I love this basic Chinese soup. I make different variations of it, sometimes with chicken, sometimes with king prawns. It’s also easy to add / leave ingredients out, I sometimes add thinly sliced red peppers, as well as sesame seeds on top for visual effect. Also, I don’t always use the egg. The only thing however that is a must to me, is to have my homemade chicken stock in the freezer. I’ve never made this soup with shop bought stock, and I’m not interested in trying it either. This doesn’t mean you can’t try it of course, I just don’t know how that kind of stock would affect the end taste. Sometimes I use chicken cut in pieces, today I wanted to use shredded chicken.

serves 2
1 egg
1 tbsp sesame oil
1 spring onion
2 chestnut mushrooms
half a thumb size piece of fresh root ginger
1 small green chilli
2 cloves of garlic
1 tsp caster sugar
1/2 tsp salt
1 tbsp light soy sauce
800-900ml chicken stock Homemade chicken stock
vermicelli rice noodles
1 chicken breast

1. Poach the chicken breast in the simmering stock for 10-15 minutes.

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2. Finely chop garlic, ginger and chilli.  Slice the mushrooms and spring onion. Remove the chicken breast from the stock, and cool. Add garlic, ginger,chilli, mushrooms and spring onions to the liquid, and simmer for few minutes.

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3. If using the egg, beat it together with the sesame oil. Add all other remaining ingredients to the stock apart from the egg and chicken. Cook for few minutes, and add the vermicelli noodle. The noodle I use is a packet of 5 ‘blocks’, total weight of 225g. All that is needed is one of the blocks.

4. Once the chicken has cooled, shred it by hand. It will very easily break into strands when you start pulling it apart. One breast gives you surprisingly much. Once shredded, add to the stock.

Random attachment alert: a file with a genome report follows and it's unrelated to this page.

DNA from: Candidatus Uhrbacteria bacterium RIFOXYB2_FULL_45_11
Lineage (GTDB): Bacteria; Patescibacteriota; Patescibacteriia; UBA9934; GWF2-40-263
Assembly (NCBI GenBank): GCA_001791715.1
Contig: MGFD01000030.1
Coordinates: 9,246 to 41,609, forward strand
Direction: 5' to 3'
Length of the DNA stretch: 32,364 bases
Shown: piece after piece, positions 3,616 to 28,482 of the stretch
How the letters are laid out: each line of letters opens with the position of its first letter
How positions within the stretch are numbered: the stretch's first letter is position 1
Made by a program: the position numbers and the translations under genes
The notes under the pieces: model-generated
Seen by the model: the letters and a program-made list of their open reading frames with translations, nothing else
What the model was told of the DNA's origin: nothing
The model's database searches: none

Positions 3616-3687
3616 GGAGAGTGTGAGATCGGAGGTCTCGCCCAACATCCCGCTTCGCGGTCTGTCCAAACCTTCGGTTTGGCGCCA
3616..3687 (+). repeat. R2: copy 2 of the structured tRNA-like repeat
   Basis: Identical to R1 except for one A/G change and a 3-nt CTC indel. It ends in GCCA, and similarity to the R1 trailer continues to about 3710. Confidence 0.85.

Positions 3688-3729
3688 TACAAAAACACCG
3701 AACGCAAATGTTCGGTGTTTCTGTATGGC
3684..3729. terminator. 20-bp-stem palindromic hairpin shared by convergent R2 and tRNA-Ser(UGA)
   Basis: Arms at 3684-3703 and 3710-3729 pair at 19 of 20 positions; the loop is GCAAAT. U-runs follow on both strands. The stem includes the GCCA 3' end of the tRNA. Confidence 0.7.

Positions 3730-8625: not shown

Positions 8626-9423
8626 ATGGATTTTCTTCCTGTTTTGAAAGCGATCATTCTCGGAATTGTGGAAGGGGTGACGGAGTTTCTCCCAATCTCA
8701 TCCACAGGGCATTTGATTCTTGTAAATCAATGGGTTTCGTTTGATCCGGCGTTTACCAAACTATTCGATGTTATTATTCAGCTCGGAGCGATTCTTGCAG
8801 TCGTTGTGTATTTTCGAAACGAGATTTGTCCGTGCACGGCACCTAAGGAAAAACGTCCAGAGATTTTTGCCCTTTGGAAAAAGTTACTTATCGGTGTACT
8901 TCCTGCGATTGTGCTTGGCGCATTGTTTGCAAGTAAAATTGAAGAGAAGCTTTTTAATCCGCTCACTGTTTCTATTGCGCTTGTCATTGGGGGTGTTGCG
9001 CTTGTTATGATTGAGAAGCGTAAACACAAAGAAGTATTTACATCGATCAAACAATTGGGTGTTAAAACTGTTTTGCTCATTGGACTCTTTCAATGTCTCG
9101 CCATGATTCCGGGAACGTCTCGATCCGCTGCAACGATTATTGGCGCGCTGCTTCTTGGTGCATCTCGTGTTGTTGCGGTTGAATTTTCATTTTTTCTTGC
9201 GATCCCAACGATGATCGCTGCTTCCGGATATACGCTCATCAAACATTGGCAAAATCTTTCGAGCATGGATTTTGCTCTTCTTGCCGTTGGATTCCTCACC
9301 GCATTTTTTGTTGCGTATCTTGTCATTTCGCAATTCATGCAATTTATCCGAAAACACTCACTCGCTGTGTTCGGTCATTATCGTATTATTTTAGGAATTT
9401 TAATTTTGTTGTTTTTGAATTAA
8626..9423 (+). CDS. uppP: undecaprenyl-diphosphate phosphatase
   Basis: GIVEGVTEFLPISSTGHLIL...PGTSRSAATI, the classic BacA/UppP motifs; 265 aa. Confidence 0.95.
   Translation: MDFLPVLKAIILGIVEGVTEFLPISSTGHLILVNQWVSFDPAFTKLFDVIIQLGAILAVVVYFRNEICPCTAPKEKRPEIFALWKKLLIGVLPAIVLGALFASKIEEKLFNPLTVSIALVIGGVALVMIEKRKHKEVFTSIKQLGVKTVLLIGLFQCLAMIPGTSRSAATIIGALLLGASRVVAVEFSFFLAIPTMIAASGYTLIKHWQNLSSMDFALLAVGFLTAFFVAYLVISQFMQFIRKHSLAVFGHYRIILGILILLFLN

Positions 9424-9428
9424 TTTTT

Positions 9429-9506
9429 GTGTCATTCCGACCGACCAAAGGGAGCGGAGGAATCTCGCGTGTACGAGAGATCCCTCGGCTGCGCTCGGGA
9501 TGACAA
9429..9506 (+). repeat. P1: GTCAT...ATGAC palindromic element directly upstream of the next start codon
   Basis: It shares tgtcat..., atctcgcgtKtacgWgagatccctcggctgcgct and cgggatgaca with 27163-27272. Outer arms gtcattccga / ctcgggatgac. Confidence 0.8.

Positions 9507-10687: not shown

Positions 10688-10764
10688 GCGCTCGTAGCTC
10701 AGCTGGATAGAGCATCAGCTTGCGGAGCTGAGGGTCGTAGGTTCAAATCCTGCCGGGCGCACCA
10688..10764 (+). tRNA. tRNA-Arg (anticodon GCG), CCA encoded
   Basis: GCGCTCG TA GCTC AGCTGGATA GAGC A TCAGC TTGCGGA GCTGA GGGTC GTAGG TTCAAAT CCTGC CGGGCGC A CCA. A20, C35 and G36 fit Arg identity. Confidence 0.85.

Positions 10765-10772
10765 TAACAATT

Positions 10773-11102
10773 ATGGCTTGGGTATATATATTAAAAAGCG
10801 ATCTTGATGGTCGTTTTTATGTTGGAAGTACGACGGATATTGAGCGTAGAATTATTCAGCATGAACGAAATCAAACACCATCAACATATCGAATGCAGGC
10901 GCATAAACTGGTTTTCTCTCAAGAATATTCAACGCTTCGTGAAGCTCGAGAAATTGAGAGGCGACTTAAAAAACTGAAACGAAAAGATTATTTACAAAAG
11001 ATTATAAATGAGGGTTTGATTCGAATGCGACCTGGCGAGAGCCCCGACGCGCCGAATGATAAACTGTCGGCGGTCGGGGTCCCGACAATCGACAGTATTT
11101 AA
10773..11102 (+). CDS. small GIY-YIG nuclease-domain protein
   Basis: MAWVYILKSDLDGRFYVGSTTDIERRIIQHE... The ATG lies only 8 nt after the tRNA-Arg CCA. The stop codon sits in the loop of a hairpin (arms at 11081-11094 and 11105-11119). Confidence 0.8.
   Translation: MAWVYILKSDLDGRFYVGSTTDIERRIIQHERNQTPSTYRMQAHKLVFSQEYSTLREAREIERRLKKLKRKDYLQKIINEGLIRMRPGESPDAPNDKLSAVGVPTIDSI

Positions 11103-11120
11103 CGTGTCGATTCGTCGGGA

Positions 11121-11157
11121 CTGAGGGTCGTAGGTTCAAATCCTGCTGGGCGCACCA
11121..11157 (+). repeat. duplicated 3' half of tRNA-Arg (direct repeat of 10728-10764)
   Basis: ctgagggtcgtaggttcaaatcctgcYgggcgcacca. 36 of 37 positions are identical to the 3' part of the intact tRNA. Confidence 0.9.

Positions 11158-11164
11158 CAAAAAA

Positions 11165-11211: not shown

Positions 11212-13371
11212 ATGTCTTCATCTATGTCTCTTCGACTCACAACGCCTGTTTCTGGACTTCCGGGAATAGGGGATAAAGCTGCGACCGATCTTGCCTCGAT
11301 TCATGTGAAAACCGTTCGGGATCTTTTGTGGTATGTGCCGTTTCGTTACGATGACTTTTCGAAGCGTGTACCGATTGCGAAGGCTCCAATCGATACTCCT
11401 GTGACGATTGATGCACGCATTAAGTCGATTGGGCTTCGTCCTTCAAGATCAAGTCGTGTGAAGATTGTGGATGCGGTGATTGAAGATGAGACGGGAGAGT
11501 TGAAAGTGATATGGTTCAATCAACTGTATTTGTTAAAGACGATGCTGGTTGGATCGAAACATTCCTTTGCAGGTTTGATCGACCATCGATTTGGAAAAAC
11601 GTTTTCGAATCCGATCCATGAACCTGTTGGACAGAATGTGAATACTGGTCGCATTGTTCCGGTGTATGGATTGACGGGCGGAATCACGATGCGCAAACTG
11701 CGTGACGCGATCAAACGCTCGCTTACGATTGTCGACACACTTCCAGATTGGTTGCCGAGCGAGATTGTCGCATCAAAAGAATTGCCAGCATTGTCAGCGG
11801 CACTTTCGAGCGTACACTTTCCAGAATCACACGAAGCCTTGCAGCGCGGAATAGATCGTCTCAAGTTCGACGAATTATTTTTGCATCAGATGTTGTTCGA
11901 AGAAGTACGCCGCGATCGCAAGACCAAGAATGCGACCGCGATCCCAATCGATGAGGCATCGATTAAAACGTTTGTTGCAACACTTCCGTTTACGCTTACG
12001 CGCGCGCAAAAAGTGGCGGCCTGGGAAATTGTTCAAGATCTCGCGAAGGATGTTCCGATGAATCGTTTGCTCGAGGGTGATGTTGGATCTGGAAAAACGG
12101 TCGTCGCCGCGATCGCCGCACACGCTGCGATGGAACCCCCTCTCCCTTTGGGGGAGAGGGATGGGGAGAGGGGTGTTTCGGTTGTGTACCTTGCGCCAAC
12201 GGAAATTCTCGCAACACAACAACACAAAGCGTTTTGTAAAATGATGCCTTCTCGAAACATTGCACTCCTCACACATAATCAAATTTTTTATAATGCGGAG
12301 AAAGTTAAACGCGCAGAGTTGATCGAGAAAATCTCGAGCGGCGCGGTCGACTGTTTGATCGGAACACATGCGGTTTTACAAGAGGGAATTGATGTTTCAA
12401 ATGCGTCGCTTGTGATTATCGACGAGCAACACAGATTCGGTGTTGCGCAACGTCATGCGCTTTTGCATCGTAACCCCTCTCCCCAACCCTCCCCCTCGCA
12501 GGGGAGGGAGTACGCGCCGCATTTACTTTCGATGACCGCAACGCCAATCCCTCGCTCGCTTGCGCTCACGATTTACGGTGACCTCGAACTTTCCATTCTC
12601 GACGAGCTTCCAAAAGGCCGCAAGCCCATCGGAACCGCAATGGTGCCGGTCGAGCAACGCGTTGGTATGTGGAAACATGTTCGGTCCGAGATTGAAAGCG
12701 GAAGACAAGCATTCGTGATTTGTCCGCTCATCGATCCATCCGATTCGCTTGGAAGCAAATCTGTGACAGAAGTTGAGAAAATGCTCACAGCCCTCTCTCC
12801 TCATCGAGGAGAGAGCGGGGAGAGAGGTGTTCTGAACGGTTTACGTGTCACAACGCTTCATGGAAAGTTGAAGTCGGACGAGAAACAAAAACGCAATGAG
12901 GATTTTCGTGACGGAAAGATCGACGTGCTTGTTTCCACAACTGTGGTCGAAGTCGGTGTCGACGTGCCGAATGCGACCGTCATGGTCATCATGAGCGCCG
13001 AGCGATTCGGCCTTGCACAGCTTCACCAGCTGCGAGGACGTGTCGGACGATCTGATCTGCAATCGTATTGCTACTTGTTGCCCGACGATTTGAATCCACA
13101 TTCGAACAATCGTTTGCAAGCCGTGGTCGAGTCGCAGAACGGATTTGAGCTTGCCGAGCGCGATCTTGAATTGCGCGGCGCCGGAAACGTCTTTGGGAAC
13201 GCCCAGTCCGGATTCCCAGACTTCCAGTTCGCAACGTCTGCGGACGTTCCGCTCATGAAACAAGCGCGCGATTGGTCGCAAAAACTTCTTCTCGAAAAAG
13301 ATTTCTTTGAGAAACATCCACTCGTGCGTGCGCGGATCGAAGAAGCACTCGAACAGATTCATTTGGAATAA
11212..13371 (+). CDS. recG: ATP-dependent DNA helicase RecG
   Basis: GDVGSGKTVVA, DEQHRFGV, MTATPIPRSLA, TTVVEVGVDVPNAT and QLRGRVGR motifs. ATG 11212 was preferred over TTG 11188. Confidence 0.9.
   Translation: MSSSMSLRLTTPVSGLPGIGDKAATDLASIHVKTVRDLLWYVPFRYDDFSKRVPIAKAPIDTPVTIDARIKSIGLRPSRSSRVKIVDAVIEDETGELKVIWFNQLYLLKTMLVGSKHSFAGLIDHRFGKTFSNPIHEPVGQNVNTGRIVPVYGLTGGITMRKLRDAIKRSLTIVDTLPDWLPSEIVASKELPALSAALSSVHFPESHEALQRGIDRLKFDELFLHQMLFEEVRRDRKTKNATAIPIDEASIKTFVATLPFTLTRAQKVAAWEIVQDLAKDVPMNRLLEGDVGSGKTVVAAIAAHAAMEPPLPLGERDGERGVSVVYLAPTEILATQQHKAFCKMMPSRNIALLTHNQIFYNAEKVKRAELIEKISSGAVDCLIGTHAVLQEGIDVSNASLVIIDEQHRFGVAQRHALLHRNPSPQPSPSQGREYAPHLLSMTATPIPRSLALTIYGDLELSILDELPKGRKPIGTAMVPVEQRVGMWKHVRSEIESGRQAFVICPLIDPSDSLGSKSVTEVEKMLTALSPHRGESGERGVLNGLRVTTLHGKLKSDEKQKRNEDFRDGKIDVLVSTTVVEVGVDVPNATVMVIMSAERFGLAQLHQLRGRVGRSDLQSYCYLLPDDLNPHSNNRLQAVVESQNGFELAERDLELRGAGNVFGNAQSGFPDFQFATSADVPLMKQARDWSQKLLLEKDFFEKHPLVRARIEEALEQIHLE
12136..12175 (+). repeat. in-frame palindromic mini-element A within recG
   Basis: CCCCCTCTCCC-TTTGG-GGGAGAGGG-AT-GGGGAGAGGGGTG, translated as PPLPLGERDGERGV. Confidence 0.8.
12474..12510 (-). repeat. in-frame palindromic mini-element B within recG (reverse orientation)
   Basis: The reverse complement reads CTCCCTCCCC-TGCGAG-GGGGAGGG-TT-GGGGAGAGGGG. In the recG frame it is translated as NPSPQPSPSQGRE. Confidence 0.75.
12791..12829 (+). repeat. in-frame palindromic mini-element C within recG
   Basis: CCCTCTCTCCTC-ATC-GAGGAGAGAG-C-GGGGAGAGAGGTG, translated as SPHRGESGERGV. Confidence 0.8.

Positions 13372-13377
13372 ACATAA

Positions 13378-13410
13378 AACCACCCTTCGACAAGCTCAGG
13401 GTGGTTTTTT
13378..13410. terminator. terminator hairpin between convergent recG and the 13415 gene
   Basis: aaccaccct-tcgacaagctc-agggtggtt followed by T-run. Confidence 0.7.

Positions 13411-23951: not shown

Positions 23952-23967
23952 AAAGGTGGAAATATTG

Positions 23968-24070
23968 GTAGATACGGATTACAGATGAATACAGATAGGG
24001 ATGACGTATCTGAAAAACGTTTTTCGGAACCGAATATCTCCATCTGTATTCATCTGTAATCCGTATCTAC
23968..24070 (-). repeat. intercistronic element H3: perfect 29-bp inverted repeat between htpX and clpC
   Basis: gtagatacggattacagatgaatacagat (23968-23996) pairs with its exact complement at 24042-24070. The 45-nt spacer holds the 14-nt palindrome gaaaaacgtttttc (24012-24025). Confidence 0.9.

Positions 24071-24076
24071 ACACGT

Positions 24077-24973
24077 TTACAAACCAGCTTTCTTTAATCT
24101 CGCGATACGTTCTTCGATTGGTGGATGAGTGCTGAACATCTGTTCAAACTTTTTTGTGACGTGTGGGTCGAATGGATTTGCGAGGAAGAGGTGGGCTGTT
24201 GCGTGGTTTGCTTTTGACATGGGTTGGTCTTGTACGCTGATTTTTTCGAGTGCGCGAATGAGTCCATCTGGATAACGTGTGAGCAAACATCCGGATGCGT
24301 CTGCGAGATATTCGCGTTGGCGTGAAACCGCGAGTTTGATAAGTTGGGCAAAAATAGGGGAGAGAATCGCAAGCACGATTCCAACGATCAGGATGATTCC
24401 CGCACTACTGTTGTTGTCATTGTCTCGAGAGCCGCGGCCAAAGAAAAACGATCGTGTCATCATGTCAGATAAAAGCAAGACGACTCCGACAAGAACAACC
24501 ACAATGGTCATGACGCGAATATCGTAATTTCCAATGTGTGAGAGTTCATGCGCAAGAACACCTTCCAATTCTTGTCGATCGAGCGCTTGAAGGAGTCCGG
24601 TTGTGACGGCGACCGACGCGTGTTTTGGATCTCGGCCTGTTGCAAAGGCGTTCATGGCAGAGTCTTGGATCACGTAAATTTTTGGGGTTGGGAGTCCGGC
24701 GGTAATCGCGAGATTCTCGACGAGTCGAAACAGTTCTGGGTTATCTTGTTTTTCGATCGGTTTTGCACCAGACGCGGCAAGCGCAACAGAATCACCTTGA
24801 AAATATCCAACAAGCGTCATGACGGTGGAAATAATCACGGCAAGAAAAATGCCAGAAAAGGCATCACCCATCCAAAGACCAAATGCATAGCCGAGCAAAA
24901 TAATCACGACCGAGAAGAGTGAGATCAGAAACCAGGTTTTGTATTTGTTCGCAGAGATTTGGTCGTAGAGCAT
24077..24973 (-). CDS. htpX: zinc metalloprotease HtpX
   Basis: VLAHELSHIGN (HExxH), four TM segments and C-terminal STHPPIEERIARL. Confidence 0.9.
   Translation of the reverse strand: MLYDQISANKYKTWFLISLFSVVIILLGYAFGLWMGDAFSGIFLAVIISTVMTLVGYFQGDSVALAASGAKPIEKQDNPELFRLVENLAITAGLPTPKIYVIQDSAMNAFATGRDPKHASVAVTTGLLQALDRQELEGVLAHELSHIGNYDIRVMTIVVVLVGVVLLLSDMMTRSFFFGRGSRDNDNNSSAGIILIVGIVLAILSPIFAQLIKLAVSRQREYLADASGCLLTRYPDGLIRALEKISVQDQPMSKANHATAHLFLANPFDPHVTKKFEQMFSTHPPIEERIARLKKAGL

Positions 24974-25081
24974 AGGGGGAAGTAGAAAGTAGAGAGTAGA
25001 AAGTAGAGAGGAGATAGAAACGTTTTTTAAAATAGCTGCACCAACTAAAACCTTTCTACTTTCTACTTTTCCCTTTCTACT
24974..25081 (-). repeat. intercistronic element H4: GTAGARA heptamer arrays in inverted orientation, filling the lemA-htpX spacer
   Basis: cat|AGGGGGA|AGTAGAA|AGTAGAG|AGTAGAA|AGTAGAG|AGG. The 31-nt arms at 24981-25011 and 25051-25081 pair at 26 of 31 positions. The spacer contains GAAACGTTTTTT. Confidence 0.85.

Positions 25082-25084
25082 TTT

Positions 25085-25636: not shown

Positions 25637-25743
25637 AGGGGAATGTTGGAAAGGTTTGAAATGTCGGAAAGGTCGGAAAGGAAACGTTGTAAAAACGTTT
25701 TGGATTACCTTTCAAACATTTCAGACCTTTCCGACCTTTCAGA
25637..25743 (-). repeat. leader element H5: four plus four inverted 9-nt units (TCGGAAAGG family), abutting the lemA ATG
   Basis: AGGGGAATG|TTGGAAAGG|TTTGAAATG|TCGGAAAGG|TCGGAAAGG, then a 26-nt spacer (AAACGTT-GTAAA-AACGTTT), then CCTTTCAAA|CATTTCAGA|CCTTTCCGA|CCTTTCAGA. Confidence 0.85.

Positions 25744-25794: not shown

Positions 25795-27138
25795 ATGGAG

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5. Pour the egg to the stock in a fine stream. Stock will become cloudy at first, but once the egg is cooked, stock will be clearer again. Pull egg into strands by a fork or chopsticks.

Spaghetti with squid and chorizo

Even though the weather in the UK has gone really cold, this dish has transported me right to the Mediterranean climate. Making the pasta for the spaghetti couldn’t be easier, it takes less time than chopping all the other ingredients. I would suggest to start with the pasta, as it can then dry a little while you prepare everything else.

250g pasta flour 00 grade
2 eggs
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3 medium squid tubes
3 chorizo sausages
1 onion, finely chopped
3 cloves of garlic, finely chopped
1 red or yellow pepper
12 cherry tomatoes, cut in quarters
handful of parsley
1 courgette / zucchini
splash of olive oil
salt and black pepper
juice of 1 lemon

 

1.  Measure the pasta flour in a bowl. Make a well in the centre, and pour the eggs in. Then, starting with a fork, break the eggs and little by little mix the eggs with the surrounding flour. Once the dough gets firmer, move onto kneading by hand.

2. Divide the dough into two pieces. Flatten the pieces with your hands, and roll through the pasta machine, on the biggest setting. Fold the dough over in half, and roll through the same setting again. Then reduce the setting to the next, and roll through. Repeat until desired thickness is achieved. Next, using the spaghetti cutting roller part, cut the pasta sheet into spaghetti. Then, leave to dry while you prepare the rest.

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3. Prepare all the other ingredients. Heat olive oil in a pan, and fry the onions, squid and chorizo for few minutes, until cooked.

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4. Add the garlic, pepper and courgette. Fry for few minutes. At the same time, boil water with salt added, and put the spaghetti in. Boil for about three minutes, then drain.

5. Add the tomatoes and lemon juice, and season with salt and pepper. Add the spaghetti, mixing everything together. Lastly stir in the parsley.